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We Love Spoilers

From the Olympics to reality television, many howl — and sue! — over spoilers. But we can't get enough of them.

Posted on August 6, 2012, at 3:19 p.m. ET

Emily Maynard, left, and Jef Holm on "The Bachelorette: After the Final Rose." Spoilers revealed the winner weeks before finale but ratings were still highest ABC has seen in years.
Rick Rowell / AP

Emily Maynard, left, and Jef Holm on "The Bachelorette: After the Final Rose." Spoilers revealed the winner weeks before finale but ratings were still highest ABC has seen in years.

If you've spent any time online in the past week or so, you've been inundated by spoilers. Perhaps not actual spoilers — information that would take the tingling shock out of who won the women's gymnastics all-around (Gabby Douglas) or who put Ryan Lochte's grill in his mouth (Piers Morgan), but talk about spoilers.


Spoilers are not a new issue — that guy has no doubt existed since telling someone who really clubbed Abel in the shocking twist ending you didn't see coming. But the concept that information wants to be free is very much of the times, the (spoiler alert) Information Age. Movie trailers show more and more of film plots and book trailers now bring that sort of spoiler-sense to the written word. Publicists have tried to staunch the tide by embargoing reviews until the day a movie opens but even The New Yorker feels free to flaut that convention. A whole new literary form, the recap, has evolved to meet the needs of people who don't just want to watch television, they want to read the plot, often before they see the show.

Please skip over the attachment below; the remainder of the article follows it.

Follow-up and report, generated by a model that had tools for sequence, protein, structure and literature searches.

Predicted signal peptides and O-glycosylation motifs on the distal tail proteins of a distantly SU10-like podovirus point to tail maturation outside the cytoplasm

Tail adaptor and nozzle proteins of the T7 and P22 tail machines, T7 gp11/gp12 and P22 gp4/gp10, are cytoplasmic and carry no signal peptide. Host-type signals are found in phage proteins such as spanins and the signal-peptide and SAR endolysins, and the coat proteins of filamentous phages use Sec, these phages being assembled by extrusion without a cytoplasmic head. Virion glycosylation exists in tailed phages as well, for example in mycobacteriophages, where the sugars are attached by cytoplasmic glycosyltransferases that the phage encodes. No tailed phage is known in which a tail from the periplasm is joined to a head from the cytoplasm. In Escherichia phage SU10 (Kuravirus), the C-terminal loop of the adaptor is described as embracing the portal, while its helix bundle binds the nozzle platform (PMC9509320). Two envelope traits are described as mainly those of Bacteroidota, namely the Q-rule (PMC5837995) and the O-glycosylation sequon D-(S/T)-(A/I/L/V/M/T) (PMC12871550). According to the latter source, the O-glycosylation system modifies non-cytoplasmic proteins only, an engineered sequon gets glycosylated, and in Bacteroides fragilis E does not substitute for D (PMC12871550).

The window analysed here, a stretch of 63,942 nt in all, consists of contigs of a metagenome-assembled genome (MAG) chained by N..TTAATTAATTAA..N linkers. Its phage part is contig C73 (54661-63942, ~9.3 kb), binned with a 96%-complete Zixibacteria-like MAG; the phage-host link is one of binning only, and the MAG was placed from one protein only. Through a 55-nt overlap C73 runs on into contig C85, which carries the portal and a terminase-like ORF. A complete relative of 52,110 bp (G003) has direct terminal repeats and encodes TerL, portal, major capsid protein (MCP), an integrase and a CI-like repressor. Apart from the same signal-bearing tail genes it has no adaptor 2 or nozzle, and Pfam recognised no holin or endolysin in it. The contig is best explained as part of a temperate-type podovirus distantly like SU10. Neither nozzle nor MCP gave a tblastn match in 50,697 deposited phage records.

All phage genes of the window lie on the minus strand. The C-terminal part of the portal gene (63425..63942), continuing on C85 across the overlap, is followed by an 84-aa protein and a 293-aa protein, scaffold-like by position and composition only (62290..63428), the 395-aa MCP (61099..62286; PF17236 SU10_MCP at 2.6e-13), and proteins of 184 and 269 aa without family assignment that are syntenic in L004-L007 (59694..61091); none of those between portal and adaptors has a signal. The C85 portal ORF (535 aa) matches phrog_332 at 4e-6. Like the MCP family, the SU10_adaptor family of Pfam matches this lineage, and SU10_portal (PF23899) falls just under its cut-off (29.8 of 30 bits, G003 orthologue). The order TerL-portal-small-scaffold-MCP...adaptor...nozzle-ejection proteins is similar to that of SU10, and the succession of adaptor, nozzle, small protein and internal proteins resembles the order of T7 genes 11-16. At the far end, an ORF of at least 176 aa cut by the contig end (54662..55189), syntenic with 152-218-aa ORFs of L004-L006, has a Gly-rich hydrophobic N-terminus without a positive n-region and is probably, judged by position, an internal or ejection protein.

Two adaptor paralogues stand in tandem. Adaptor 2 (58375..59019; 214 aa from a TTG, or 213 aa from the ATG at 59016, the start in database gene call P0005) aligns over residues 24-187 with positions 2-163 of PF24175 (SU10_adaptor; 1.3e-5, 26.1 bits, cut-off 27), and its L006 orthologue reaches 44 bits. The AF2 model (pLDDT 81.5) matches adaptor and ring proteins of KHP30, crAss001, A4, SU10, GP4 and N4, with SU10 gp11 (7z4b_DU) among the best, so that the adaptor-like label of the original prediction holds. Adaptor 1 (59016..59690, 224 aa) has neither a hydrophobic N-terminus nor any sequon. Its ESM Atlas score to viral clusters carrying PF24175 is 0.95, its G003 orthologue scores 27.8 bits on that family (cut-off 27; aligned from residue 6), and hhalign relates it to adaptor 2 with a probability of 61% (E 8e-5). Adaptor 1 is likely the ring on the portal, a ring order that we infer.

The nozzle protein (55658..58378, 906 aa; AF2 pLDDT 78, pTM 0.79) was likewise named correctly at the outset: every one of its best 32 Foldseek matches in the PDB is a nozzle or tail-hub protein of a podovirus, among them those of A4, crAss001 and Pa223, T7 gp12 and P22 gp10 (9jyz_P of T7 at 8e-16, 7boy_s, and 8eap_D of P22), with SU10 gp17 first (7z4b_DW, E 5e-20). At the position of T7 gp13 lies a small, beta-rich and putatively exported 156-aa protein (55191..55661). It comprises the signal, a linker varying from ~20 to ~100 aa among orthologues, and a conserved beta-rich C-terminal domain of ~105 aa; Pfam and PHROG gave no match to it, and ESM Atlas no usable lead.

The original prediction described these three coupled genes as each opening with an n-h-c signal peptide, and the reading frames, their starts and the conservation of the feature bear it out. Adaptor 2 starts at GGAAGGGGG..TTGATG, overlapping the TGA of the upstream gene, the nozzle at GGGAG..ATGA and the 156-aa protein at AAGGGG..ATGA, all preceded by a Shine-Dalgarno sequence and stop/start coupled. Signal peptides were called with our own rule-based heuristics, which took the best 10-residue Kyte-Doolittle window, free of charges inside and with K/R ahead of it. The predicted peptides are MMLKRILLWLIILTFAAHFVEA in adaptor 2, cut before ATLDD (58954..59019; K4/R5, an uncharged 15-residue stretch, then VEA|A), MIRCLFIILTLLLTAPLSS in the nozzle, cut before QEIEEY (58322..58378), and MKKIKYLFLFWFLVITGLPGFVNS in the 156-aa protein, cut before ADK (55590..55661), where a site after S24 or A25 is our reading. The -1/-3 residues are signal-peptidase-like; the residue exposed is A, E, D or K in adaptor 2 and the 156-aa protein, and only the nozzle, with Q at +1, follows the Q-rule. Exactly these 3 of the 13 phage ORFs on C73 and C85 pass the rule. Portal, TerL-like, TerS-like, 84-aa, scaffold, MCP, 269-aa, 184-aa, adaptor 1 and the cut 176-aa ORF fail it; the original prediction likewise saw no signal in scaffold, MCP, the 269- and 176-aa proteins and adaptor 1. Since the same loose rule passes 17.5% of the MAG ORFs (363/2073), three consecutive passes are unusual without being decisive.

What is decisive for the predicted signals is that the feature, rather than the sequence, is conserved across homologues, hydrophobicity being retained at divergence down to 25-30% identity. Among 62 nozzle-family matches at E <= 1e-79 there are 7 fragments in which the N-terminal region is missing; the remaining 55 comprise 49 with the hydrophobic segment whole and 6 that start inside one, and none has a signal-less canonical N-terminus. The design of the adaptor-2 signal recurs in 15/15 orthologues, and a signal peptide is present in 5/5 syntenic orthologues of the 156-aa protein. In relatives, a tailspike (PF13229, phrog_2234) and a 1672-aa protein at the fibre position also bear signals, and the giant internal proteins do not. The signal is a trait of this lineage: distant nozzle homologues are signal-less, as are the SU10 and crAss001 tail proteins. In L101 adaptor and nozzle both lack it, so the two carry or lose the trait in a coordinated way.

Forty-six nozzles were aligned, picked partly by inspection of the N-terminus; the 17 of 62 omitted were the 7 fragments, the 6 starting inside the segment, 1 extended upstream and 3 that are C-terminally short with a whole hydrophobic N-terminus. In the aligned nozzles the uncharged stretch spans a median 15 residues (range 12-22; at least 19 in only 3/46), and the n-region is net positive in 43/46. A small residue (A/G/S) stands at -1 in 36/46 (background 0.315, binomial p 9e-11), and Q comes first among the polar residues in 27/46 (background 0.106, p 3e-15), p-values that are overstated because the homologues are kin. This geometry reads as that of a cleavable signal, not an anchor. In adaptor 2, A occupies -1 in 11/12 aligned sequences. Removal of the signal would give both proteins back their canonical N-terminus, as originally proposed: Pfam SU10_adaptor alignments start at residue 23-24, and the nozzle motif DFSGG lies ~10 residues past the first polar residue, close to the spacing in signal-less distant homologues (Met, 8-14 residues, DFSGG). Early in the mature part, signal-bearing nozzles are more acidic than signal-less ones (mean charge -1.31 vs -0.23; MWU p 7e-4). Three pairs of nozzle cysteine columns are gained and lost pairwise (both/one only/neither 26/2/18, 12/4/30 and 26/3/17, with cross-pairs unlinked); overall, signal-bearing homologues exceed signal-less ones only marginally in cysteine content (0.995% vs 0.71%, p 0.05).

So let's openly admit something born out by the numbers: we love spoilers. We might love to hate them, but we also just love them. Beyond the pleasure of knowledge itself, spoilers lend focus to what can be an overwhelming amount of information — they can help you figure out what to siphon off from the Olympics fire hose or which new TV series sounds especially enticing. The term "spoiler" itself is wrong, as it would indicate that people who know the result, either by chance or choice, would be less interested in the event. The evidence against this is strong: Last week, for instance, NBC released a poll that showed that viewership of its primetime Olympic events actually increased if people had learned the result. Savvy musicians have long leaked their music out early to build up an audience. Kanye West put out advance tracks from his last album, My Beautiful Dark Twisted Fantasy, for months before the record was available for sale: It ended up being one of the few blockbuster records of 2011, selling over a million copies. A glance at the Twitter accounts of a number of primetime TV shows demonstrates that the creators and trade magazines think marking content as "spoilers" is a boon to their audiences. Otherwise, why would they do it so much? It's like marking content "NSFW." It makes people want to click, to spoil themselves.

Still, anti-spoiler rage is rampant. Before the Aurora shooting, the hysteria around The Dark Knight Rises prompted fans to go to uncanny lengths to not know plot points — information revealed in the ubiquitous trailers, no less. At the same time, the studio had stoked the fans' ardor for months by feeding blogs information that would, in theory, kill the shock. Did that actually make people less interested in the movie? Of course not. The Dark Knight Rises has already gobbled up almost $400 million at the box office.